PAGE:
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Tiff’s Top Tips for Young Lawyers

Tiff’s Top Tips for Young Lawyers

After a short hiatus, I’m back with some more handy advice for junior lawyers – with this month’s Tiff’s Top Tips being a step by step guide on how to handle annual/salary reviews!

1. Set a date

The first thing to address is that not all firms will provide an opportunity to discuss your performance and/or salary, and so it shouldn’t be assumed that an annual review discussion will necessarily take place. If you are unsure of your firm’s process, it would be worthwhile approaching a trusted advisor (e.g. senior associate or partner) to understand the best way to arrange such a meeting.

However, many firms are very structured and organised, with a fixed process in place. Make sure you’ve got the allocated review time slot locked in your diary and have given yourself ample time to prepare.

2. Set yourself up to win

Before any review, it’s important to take some time to reflect on how you have performed over the past 12 months and be ready to discuss this openly. Some key questions to reflect on are: How have I tracked against my billable targets, goals or other KPIs? Have I consistently sought and implemented feedback? What have I learnt and achieved that has demonstrated my growth and contribution to the team?

Make sure to note down any wins (e.g. successful matter outcomes, client/matter referrals) as these will come in clutch when you reach step 4, but be honest enough with yourself to acknowledge any shortcomings. Whilst you’re probably a rock star junior lawyer, you’re only human after all.

Then get familiar with some salary data. When considering salary data it is important to ensure you are looking at data that is relevant to not only your firm-type and post-admission level, but also your practice area. Our new 2022 Salary Guide is the first and last place you will need to visit!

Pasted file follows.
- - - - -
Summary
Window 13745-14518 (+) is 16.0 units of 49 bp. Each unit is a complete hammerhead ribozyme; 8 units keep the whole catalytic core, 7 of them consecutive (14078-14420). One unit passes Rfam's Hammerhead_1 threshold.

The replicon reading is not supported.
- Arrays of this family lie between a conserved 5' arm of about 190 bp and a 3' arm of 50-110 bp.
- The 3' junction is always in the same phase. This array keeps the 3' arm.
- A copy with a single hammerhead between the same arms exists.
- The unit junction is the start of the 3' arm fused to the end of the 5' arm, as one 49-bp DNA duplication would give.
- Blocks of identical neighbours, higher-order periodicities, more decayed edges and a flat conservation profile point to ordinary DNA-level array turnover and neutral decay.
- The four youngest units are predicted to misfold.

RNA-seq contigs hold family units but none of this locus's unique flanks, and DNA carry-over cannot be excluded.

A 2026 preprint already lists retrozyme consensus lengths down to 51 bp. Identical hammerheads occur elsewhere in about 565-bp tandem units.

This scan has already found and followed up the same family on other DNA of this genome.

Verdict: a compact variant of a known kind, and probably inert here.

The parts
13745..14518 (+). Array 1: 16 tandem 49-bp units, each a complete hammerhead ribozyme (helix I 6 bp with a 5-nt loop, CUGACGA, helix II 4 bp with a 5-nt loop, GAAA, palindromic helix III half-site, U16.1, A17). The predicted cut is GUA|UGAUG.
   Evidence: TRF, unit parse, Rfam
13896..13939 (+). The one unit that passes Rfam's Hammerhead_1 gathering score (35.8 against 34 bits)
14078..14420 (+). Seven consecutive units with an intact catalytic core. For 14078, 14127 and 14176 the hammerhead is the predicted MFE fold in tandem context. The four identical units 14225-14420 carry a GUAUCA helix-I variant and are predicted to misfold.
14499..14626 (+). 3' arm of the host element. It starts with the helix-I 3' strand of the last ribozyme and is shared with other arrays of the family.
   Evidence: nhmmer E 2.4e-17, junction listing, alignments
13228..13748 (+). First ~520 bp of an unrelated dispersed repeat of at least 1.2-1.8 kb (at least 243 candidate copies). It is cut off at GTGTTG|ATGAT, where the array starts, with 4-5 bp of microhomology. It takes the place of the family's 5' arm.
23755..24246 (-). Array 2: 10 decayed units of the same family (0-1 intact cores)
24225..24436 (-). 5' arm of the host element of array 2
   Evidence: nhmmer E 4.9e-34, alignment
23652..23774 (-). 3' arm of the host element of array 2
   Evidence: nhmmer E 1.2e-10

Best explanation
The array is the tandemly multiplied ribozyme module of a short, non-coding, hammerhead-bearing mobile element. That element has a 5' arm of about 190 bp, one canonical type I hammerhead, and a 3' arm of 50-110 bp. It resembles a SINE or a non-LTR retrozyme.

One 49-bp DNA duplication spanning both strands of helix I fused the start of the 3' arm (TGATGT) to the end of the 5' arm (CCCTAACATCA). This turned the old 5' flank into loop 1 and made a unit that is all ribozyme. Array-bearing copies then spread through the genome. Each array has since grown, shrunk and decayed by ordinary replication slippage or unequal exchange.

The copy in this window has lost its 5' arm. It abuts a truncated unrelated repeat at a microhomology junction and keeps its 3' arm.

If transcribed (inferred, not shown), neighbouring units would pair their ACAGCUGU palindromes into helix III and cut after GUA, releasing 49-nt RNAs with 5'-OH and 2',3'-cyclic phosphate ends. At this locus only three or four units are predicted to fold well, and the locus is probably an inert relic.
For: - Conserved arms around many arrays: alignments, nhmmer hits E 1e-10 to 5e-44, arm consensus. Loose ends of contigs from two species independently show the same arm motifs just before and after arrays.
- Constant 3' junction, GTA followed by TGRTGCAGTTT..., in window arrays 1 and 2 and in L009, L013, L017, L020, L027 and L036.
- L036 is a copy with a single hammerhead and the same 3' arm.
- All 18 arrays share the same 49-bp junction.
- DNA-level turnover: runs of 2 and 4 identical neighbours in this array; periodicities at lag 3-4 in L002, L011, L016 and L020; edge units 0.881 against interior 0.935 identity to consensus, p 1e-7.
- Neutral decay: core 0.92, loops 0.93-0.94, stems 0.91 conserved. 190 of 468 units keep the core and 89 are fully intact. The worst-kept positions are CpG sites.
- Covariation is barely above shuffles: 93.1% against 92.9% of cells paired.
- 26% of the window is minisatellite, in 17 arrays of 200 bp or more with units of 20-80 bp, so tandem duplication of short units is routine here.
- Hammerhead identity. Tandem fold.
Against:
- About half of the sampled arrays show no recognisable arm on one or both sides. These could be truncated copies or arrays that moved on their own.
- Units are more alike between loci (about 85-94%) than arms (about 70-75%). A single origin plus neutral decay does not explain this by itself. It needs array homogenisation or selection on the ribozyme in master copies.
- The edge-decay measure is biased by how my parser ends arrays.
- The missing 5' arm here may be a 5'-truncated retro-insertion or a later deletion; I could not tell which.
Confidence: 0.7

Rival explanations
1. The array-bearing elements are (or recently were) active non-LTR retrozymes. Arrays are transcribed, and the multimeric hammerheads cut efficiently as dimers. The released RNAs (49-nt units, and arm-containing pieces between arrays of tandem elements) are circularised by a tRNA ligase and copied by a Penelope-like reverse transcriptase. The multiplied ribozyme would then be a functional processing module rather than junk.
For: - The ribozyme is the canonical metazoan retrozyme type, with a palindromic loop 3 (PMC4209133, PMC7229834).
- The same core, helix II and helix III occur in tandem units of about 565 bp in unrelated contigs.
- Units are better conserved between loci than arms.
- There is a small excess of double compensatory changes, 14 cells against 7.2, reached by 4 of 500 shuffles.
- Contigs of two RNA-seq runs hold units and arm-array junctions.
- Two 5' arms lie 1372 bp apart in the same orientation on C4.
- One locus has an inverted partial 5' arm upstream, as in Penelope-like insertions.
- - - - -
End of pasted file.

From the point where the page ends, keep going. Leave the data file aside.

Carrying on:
3. Set any expectations

To minimise any risk of disappointment, my best advice is to have a pre-emptive chat before the real review discussion to set and understand expectations on both sides with your partner. The key is to approach this with an open mind and be receptive to any pointers or feedback they may provide, particularly if there is any work to be done on your side to help improve your chances of a successful review.

4. Set out your case

When the day finally comes to have your review, remember to communicate your case clearly in relation to your achievements, what areas that you’re keen to work and improve on, and your salary expectations. If you’ve carried out the previous steps, then you’ll be well placed to respond to any pushback and keep the discussion focused on the issues that really matter. That being said, not all such meetings will go according to plan, so try to avoid getting involved in defensive back and forth and concentrate instead on understanding what, if anything, you can do better prepare for the next review meeting.

Either way, preparation is the key to a successful salary and performance review.

For specific advice and strategies on how to approach your upcoming annual review, feel free to contact me or someone from the Monty team.

Tiffany Tirtabudi

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